Episode 1.4 | This Slide of the Last of Paradise Lost
Following that, we see the Sliders land in an idyllic forest clearing, near a family of natives preparing dinner over a spit. Abruptly, a fissure is cleaved through the ground by a localized earthquake. Wade nearly falls in, but is rescued by the Stud Of the Week (or SOW). When she kisses him to say 'thank you,' he is horrified and tells her she has sealed her own fate. Quinn advises the others not to panic: "What's the worst that could happen? So Wade could die! Big deal!"
They make their way out of the clearing to the Chandler Hotel, which sits empty and untouched in the middle of a field. Incidentally, the names "Chandler" and "Chancellor" for the hotel are used interchangeably, sometimes in the same scene.
There, Wade begins to suffer odd symptoms: her skin turns blue and her hair white, she performs incredible gymnastic feats, and she begins craving human flesh. After wandering outside in a stupor, she is taken in by a group of similar mutants who live underground. The other Sliders follow her and meet the underground's leader, a mutated Quinn.
(BTW, the audience is repeatedly reminded that there are three Earths in this dimension by the frequent replaying of a ten-second clip of Arturo pointing skywards and declaring, "Good heavens! There are three Earths in this dimension!" At one point he is interrupted in mid-sentence, inside the hotel no less, so that we can see this clip again.)
The remainder of the episode - about 40 minutes - is spent on exposition, specifically Alt-Quinn explaining how this world got its problems. The gist of the story involves a fabled race of "Jeneers" who constructed three identical Earths in syzygy, but due to their fanatical obsession with cleanliness were struck by a plague which instantly turns humans into blue-skinned cannibals. Our Quinn spends much of this speech with his shirt off.
This episode won a specially created Nebula Award for "Stupidest Dramatic Presentation of 1995."
Our Sliders, and Maggie, land in a fog-covered valley and nearly choke to death. Fortunately Maggie is inexplicably capable of breathing large amounts of sulphur, and is able to drag them out. Heading into a nearby mud-hut village, Quinn is recognized by the residents, including a 10-year-old boy who asks him to sign a straw mat.
Sabrina Lloyd ad-libbed an aside to Cleavant Derricks about Maggie's sulphur-breathing ability, and what it implies about her parentage and place of birth. Peck didn't spot it, because he used Sabrina's scenes while watching the dailies to clip his toenails.
After about 20 minutes of screen time in which nothing happens, Quinn and Maggie (who has now inexplicably lost her sulphur-lungs) are lured into the fog by Rickman, who is no longer played by Roger Daltrey. (Peckinpah's response when asked the point of casting a big-name guest star in a recurring role that he couldn't possibly return for: "Hey! Look over there!")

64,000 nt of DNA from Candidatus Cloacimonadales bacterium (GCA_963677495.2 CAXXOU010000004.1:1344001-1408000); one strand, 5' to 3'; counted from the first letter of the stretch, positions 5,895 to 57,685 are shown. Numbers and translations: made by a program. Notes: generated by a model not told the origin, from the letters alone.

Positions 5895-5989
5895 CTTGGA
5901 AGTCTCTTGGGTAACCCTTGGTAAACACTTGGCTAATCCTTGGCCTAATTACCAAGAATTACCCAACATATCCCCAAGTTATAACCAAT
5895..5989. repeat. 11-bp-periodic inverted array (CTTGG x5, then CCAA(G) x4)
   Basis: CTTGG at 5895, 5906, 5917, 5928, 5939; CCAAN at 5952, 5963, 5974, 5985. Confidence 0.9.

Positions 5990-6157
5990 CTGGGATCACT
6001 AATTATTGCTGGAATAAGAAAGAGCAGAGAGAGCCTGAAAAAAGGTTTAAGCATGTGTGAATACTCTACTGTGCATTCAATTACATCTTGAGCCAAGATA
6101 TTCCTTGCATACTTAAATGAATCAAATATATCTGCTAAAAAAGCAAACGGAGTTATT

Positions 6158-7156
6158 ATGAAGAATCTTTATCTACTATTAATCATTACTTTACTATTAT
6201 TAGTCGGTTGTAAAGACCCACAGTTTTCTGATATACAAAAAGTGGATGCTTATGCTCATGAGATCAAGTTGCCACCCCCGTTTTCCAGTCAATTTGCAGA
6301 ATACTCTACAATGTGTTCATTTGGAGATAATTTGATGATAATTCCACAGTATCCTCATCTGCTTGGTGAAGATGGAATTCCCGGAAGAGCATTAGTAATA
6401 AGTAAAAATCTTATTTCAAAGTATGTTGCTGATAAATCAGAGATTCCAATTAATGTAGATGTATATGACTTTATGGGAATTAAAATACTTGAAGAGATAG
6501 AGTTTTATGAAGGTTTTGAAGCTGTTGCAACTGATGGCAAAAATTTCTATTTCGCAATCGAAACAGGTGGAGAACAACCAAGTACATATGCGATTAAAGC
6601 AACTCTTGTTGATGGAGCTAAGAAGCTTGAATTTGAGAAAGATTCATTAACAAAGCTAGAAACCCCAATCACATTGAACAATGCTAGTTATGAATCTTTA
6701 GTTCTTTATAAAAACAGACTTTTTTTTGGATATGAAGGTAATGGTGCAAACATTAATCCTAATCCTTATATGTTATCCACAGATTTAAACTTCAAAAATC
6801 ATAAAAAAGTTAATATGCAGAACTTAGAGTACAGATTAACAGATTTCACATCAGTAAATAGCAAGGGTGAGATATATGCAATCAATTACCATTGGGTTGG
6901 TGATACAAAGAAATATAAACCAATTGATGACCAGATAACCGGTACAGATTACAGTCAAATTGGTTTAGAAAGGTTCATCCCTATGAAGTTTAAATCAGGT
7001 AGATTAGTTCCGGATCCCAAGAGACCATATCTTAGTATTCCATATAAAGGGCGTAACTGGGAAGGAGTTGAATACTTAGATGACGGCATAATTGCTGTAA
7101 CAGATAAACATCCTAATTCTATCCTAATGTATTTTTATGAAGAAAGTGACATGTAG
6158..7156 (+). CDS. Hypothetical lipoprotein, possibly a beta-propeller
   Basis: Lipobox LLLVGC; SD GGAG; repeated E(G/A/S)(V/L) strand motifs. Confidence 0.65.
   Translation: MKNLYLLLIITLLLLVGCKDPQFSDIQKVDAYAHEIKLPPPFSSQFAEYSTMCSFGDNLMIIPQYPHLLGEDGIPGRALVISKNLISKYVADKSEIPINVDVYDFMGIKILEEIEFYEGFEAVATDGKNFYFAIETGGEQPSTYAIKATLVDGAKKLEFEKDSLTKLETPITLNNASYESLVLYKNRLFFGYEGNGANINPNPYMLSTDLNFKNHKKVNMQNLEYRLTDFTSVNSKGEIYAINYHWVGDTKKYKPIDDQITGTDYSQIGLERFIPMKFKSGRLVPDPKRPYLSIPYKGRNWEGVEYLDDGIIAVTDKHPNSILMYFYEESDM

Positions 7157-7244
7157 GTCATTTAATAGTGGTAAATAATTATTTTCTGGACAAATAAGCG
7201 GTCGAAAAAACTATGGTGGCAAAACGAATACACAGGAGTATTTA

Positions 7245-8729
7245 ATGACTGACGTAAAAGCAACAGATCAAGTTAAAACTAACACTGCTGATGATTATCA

As we breathlessly wait to learn what lies beyond the fog, it turns out to be... another village of mud-huts. There we meet Quinn's double, who claims to have given him the sliding equation on Earth Prime, only to get stuck here when his timer burnt out. The natives were going to sacrifice him, until he invented a contest known as "Mindgame" to prove himself smarter than them. Soon he found himself venerated as a god of omniscience.
Now, injured and unable to play, Alt-Quinn is facing a lingering death at the hands of the mud-hut mafia that he contracted to fix the matches. He orders Quinn to kill him first, or else the fog-breathing-mud-hut-dwellers will kill Maggie, or something.
As a test to see if anyone would notice or care, one of the show's editors cut off the final climactic scene and replaced it with a clip from a National Geographic Special. No viewers complained, but Peckinpah complimented him on fitting so many giant animals into a single episode and gave the hapless man a raise.
With only a few days until the slide, Quinn and Remmy are irresponsibly vacationing in Eastern Latvia. When their flight is canceled, they're forced to hitch a plane ride back to California with a scientist named Conrad Bennish Jr. Bennish, previously seen in the Pilot as a stoned-out hippie, is here a thirty-year-old woman with black hair. This is as close as Peck's series would ever come to continuity.
When asked by Quinn what the snake she's carrying is for, Bennish makes up a story about it being essential in a magical rite that dispels asteroids from the Earth's orbit. Peck's idea of a surprise plot twist is that the snake really does magically dispel asteroids, one of which is headed for the Earth at right this moment.
The remaining bits of the ep focus on Quinn, Remmy and Bennish racing to San Francisco, which for some reason is the only spot in the world from which the magical snake can be used. Meanwhile Wade and Maggie are searching for them, if you define "searching for them" as "engaging in a nude mud-wrestling match."
Peckinpah was initially skeptical about the idea of an asteroid heading for Earth, since it would mean most Earths in the spectrum that did not have magical snakes would be destroyed. "I mean, what happens to one Earth happens to every Earth, right? You can't go having planets with different histories; that would go against the whole concept of the series!"